Opponents plan to be a thorn in the side of Mr Glazer
US sports tycoon Malcolm Glazer has finally succeeded in his goal of owning 75% of Manchester United - enabling him to take complete control of the company.
But he doesn't own all of the club's shares yet. What can minority shareholders in the world's richest football team expect next?
Anything but a quiet life.
Malcolm Glazer's controversial takeover of Manchester United has attracted intense media and public scrutiny.
Those still holding shares in the former English Premiership champions can no longer stop Mr Glazer taking charge at Old Trafford, but they can - at least for now - influence how the company is run.
And that means the story of Mr Glazer's rise to prominence at United isn't quite over yet.
What will Mr Glazer's next step be?
As the owner of 75% of United's shares, Mr Glazer now has the dominant voice on the club's board.
He can take United private - delisting its shares from the London Stock Exchange - and even rewrite the company's articles.
The millions of pounds previously used to pay dividends on shares could be used to service the club's debts.
At this stage, a Glazer-run United would still be expected to hold an annual general meeting, which could provide a focus for those bitterly opposed to his takeover.
Mr Glazer could silence those critics if he makes a formal offer to buy the shares he does not already own.
Should he manage to buy 90% of those shares, then a compulsory buyout would be triggered and anyone holding United equity would be obliged to sell to him.
Is this likely to happen?
Possibly. Mr Glazer secured his controlling interest through a £227.2m, £3-a-share offer to United's two previous biggest shareholders, Irish racing tycoons JP MacManus and John Magnier.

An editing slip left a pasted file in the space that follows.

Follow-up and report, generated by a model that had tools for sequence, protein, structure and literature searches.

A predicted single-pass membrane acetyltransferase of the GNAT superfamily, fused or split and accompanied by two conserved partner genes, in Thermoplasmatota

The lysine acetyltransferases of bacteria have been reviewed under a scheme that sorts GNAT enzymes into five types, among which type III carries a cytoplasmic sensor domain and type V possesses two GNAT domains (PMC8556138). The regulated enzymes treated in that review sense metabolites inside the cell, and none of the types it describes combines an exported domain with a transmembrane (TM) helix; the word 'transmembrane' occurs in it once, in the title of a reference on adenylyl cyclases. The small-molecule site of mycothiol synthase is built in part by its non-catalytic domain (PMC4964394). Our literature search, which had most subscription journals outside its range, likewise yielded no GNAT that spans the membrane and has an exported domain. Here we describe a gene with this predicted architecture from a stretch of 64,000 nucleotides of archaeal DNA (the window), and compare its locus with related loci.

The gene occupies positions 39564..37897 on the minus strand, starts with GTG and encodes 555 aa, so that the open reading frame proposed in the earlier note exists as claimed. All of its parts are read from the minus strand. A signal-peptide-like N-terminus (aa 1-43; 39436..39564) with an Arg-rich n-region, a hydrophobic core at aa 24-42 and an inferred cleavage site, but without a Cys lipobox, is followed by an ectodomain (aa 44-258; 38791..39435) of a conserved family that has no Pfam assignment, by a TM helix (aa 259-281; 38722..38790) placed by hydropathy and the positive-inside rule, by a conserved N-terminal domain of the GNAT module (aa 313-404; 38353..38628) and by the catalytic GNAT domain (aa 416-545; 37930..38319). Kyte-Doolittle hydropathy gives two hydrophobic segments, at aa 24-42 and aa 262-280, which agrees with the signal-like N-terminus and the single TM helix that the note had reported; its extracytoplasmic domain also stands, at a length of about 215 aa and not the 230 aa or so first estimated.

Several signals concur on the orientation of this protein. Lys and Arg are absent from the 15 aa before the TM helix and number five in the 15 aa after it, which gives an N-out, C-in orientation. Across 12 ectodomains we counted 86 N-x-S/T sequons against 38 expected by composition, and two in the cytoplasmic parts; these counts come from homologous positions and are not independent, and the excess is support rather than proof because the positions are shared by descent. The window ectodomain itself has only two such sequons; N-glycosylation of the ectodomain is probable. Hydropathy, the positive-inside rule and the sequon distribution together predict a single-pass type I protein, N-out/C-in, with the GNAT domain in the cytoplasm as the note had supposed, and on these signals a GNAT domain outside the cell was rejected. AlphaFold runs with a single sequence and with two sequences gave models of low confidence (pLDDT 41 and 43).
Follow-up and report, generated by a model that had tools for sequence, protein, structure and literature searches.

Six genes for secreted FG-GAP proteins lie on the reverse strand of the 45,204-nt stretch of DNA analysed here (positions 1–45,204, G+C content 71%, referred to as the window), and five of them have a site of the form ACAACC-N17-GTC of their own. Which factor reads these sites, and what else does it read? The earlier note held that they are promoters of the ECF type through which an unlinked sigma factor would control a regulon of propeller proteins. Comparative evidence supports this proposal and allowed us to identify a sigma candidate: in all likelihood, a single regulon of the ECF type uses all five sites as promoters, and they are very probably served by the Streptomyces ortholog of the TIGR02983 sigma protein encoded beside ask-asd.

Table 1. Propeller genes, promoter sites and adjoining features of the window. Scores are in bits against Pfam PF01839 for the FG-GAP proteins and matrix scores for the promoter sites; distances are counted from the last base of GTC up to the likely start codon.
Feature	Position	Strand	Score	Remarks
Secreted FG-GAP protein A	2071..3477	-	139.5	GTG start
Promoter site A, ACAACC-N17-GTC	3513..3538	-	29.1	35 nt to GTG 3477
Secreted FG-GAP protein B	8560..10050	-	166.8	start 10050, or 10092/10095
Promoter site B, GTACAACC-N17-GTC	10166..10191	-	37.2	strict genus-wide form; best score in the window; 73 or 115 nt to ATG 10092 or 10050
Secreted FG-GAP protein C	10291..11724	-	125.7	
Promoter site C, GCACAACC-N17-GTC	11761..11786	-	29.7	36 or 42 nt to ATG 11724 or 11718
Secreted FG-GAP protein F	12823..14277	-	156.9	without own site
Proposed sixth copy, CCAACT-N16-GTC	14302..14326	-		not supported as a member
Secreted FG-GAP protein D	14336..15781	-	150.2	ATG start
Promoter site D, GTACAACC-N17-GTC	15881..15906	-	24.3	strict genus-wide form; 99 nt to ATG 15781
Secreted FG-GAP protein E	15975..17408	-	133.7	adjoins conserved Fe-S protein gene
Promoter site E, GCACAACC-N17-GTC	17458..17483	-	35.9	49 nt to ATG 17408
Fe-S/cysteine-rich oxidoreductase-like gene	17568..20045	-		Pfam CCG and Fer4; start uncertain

He later secured the shares of Scottish mining entrepreneur Harry Dobson.
The terms of his offer are valid for the remainder of United's shareholders.
And who are they?
A mixed bag of smaller private investors and passionate Manchester United fans, for the most part.
"In these situations there are usually a few 'rump' shareholders who, for whatever reason, don't feel they should agree with the takeover," says Richard Hunter, of Hargreaves Lansdown stockbrokers.
"They become dissenting shareholders, but there isn't much they can do."
Pressure group Shareholders United failed in their attempt to form a group representing 25% of shareholders - a bloc of that size could have been used to halt Mr Glazer's takeover plans.
Many of those who have not actively pursued Mr Glazer's £3-a-share bid are likely to accept it when they receive letters offering to buy their shares, Mr Hunter believes.
What can United's dissenting shareholders expect?
A life on the sidelines, at least as far as running the company is concerned.
"There isn't a great deal you can do if you're a dissenting shareholder," says Mr Hunter, adding that if Mr Glazer manages to force a compulsory buyout then those dissenting shareholders would lose their voice completely.
However, die-hard opponents of Mr Glazer - who are prepared to write off their investment in the company - may be content to remain "a thorn in the side" of the American billionaire, according to one independent sports consultant.
Some analysts believe that Mr Glazer may pause for a breath, rather than strong-arm his way through to full ownership of United.
"He's going to play it very cautiously to start with. There are too many corners of the UK where he's not popular," says Mr Hunter.
Popular or not, in Malcolm Glazer, Manchester United has only one shareholder to answer to now.